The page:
As soon as their respective live-in lovers have left their apartments,
Joe Fox and Kathleen Kelly, with devious smiles, sneak off to their
addictions. They're having an affair with each other over the Internet.
Well, more precisely, they have established intimate relations with each
other electronically, while never disclosing any personal information
like what they do for a living. They don't ever know each other's real
names. Joe's handle is a cryptic "NY152," and Kathleen has a slightly
more revealing one of "shopgirl."
"Don't you love New York in the fall?" Joe begins one of his typical
missives. "It makes me want to buy school supplies. I would send you a
bouquet of newly-sharpened pencils if I knew your name and address. On
the other hand, this not knowing has its charms."
A movie that tries hard to charm your socks off, YOU'VE GOT MAIL
succeeds most of the time. The SLEEPLESS IN SEATTLE team of writer and
director Nora Ephron and acting duo Tom Hanks and Meg Ryan again manage
the seemingly undoable. They create a PG-rated romantic comedy for
adults with an intelligent and hilarious script and with charismatic
acting. Without feeling the need to disrobe or toss around obscenities,
the adorable picture makes its points.
Based on the 1940 classic film, THE SHOP AROUND THE CORNER, the
deliciously intricate story has Joe (Tom Hanks) and Kathleen (Meg Ryan)
find out about each other in layers. At various times in the story,
they are E-mail buddies, strangers, casual acquaintances, warring
business owners and lovers. Joe manages to discover things ahead of
Kathleen, which adds another level of complexity since he keeps his
knowledge a secret.
Joe and his relatives own "Fox Books," a large chain that specializes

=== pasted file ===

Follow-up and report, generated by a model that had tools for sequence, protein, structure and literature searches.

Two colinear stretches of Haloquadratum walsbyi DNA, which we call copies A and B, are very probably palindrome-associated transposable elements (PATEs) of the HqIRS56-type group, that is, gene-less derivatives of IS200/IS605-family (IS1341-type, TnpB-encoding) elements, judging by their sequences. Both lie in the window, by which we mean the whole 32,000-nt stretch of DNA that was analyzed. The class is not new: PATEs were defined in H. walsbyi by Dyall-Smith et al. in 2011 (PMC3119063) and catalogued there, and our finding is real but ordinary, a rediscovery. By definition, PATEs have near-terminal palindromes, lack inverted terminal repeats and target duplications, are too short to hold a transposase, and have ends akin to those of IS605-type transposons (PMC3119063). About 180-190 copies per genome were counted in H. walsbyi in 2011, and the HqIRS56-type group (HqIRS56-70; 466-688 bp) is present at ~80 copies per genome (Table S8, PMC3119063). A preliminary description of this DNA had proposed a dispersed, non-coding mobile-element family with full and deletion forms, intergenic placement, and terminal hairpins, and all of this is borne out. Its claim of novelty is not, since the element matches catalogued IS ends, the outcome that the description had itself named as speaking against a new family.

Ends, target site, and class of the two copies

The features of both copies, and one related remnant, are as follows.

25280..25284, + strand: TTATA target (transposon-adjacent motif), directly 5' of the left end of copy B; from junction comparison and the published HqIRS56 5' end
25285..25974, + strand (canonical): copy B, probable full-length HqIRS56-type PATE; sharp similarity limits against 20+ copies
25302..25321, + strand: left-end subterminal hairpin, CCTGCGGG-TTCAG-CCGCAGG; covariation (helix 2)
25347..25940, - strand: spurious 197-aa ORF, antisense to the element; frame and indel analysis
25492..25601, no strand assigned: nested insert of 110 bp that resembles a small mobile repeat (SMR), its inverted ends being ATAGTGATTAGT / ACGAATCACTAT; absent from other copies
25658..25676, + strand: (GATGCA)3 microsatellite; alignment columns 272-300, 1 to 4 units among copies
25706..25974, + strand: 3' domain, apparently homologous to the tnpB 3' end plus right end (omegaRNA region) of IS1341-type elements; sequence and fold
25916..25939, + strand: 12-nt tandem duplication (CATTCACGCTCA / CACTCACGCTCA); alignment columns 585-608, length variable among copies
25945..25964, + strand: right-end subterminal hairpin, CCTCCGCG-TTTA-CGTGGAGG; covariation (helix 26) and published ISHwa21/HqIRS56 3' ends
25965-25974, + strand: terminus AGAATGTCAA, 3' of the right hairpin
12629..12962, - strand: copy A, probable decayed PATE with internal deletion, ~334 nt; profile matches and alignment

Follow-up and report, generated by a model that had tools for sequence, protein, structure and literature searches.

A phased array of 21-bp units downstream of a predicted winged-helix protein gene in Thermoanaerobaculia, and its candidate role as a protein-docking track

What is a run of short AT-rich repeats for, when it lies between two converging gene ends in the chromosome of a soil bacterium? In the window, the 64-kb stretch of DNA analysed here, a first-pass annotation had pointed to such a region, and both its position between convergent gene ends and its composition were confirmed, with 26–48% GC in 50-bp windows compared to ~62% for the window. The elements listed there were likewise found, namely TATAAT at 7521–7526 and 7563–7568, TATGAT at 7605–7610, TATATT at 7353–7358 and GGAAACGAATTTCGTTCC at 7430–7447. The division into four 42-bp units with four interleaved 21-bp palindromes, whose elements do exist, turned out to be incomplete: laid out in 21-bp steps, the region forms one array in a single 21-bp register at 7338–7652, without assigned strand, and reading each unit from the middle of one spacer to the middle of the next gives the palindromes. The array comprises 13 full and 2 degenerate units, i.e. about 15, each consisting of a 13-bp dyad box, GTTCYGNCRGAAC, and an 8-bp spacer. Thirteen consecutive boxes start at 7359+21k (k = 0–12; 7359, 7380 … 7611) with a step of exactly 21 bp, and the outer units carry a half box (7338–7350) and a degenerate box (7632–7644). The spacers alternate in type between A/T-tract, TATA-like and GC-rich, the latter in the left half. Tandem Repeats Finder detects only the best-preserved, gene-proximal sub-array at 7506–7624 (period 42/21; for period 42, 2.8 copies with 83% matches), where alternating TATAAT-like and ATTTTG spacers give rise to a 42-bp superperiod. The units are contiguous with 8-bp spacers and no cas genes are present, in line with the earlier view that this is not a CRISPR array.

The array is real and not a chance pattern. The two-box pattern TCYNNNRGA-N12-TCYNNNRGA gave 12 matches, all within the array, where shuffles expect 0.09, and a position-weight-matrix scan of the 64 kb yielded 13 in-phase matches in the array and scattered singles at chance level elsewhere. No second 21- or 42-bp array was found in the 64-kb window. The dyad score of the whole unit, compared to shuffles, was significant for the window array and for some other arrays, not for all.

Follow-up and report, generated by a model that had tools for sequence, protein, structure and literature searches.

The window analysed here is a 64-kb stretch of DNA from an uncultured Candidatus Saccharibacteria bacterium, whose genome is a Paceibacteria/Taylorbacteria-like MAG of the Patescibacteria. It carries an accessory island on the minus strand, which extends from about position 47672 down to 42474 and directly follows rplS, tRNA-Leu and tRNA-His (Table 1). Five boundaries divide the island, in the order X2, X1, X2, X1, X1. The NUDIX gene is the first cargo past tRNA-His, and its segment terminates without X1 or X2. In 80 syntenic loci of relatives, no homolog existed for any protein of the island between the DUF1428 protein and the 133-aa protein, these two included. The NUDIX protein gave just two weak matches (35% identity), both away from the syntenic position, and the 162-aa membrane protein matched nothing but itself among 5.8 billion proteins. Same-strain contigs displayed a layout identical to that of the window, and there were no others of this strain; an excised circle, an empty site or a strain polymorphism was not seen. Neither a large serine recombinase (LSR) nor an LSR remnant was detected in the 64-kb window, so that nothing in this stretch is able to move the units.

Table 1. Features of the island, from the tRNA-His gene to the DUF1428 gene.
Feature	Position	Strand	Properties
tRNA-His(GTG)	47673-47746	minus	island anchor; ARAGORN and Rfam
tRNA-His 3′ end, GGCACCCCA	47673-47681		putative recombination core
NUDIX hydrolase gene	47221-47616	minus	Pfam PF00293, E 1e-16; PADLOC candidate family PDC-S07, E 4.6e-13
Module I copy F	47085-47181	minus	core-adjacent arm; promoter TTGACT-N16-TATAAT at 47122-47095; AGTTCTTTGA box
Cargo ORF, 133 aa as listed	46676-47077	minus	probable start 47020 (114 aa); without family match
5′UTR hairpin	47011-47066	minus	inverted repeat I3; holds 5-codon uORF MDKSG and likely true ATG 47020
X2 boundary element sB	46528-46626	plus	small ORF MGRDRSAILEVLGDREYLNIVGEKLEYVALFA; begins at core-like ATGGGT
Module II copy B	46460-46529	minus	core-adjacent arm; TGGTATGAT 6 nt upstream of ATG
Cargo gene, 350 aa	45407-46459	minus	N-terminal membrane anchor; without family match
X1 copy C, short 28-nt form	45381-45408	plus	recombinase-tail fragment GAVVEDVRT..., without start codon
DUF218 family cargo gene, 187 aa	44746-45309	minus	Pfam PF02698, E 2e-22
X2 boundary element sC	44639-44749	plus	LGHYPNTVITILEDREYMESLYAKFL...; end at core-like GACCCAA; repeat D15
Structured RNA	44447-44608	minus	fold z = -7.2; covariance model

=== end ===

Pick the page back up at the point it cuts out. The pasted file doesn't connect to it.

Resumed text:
in, as Joe puts it, "cheap books and legally addictive stimulants,"
i.e., discount books and various designer coffees. In business he is
ruthless, willing to "go to the mattresses" whenever necessary to crush
a competitor. If you don't understand that quote, don't be surprised.
Joe has to explain it to Kathleen as well. All of Joe's business
strategy comes from his memorization of lines from THE GODFATHER of
which this quote is one.
Joe lives with a hyperactive publisher named Patricia Eden, played
perfectly by indie queen Parker Posey. As Joe so aptly puts it,
"Patricia makes coffee nervous."
As the nerdy columnist Frank Navasky, Greg Kinnear is as cute a bug.
Frank worships typewriters and keeps two handy at all times to compose
his erudite musings. In one of his best scenes, he is turned to mush on
television by a doting talk show host, played by Jane Adams from
HAPPINESS. Except for Joe's uninteresting and bizarre relatives, the
movie has a strong cast that is given their fair share of juicy lines.
Kathleen runs a bookstore known quaintly as "The Shop around the
Corner." It is a family business and the shop's oldest employee, Birdie
(Jean Stapleton), acts as a surrogate mother to Kathleen. One day, when
everyone is busy warning Kathleen about the dangers of her online
relationship with a stranger, Birdie tells them about her experience.
"I tried to have cybersex once," Birdie confesses. "But I kept on
getting a busy signal."
A background star of the show is New York City itself. The movie
captures its romantic rhythms and sights in such a subtle way that you
slowly fall in love with the city without even realizing it's flirting
The light and breezy movie goes down as easy as one of those large,
fancy coffee drinks featured prominently in the story. The movie,
however, is a little too large. Skimming off a little of the froth,
like Joe's relatives, would improve the brew.
Even if the mixture is not absolutely perfect, it is consistently
charming and delightful. With two attractive and lovable stars and with
a script that will have you in stitches, the film is a welcome Christmas
present for the romantically inclined. To be fair, the bah humbug crowd
and those with a low sugar tolerance may find the movie more than they
can stomach. Others may be so enchanted that they feel like they can
float out of the theater at the end.
YOU'VE GOT MAIL runs about 2:00. It is rated PG for mature themes. The
picture could be enjoyed by anyone over 10, and, although there's
nothing to offend younger ones, they may well be bored.
Copyright © 1998 Steve Rhodes